What are high frequency words?

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As your child learns to read and spell they’re likely to bring home lists of words. Moira Holden looks at ways in which you can reinforce the learning of high frequency words at home.
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What are the words my child brings home from school? 

In Reception, your child will be given around 45 high frequency words to learn over the year – the aim is for them to be able to recognise these words and to be able to read them. Children learn these words as part of their phonics lessons and may also bring high frequency words home to read.

Why are they called high frequency?

High frequency words are common words, words that appear very often in written texts. They are a mixture of decodable words (words that can be sounded out) and tricky / exception words (words in which the English spelling code works in an unusual or uncommon way, which means the words have to be learned and recognised by sight).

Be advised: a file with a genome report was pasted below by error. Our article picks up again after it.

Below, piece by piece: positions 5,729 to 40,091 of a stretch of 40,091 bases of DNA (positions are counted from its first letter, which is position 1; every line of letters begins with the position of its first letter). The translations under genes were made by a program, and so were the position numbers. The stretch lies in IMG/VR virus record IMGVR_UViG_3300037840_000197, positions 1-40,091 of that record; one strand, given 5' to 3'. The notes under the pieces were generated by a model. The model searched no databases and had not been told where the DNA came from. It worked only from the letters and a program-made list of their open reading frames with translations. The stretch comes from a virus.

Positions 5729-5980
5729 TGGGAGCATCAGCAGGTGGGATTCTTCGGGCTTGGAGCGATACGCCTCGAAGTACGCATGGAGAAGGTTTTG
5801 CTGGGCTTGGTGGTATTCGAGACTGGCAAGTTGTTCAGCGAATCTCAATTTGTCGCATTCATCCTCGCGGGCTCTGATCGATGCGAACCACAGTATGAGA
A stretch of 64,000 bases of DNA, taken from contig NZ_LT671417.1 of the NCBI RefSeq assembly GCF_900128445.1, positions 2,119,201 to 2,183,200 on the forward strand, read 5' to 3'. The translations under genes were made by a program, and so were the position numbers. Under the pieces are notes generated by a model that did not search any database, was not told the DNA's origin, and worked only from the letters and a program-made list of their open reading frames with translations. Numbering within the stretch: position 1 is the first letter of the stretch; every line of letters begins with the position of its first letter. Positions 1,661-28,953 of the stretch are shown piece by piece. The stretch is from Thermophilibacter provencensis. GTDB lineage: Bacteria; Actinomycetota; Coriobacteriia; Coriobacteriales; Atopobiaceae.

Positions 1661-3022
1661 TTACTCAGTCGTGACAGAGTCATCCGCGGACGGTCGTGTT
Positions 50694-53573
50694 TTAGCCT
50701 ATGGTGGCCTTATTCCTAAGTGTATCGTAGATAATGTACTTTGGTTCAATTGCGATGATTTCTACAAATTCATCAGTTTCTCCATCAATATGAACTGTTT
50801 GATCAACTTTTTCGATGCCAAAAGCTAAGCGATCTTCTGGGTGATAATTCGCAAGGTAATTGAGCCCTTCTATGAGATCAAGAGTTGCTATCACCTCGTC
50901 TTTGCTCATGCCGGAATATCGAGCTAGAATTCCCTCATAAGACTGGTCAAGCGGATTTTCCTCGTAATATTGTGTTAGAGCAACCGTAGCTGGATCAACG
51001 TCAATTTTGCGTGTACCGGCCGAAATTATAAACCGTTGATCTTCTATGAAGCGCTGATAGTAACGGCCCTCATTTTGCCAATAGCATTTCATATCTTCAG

It is really important that children learn how to read these words as they will make up a large proportion of the words they will be reading in everyday texts. They also need to learn to spell these words as they will find they will need to use them a great deal in their writing. (Research has shown that just 16 words, such as ‘and’, ‘he’, ‘I’ and ‘in’, but also the more phonetically-difficult ‘the’, ‘to’, ‘you’, ‘said’, ‘are’, ‘she’ and ‘was’, make up a quarter of the words in a piece of writing, whether it’s for adults or children.)

The top 100 high frequency words (in order of frequency of use) are: the, and, a, to, said, in, he, I, of, it, was, you, they, on, she, is, for, at, his, but, that, with, all, we, can, are, up, had, my, her, what, there, out, this, have, went, be, like, some, so, not, then, were, go, little, as, no, mum, one, them, do, me, down, dad, big, when, it's, see, looked, very, look, don't, come, will, into, back, from, children, him, Mr, get, just, now, came, oh, about, got, their, people, your, put, could, house, old, too, by, day, made, time, I'm, if, help, Mrs, called, here, off, asked, saw, make, an.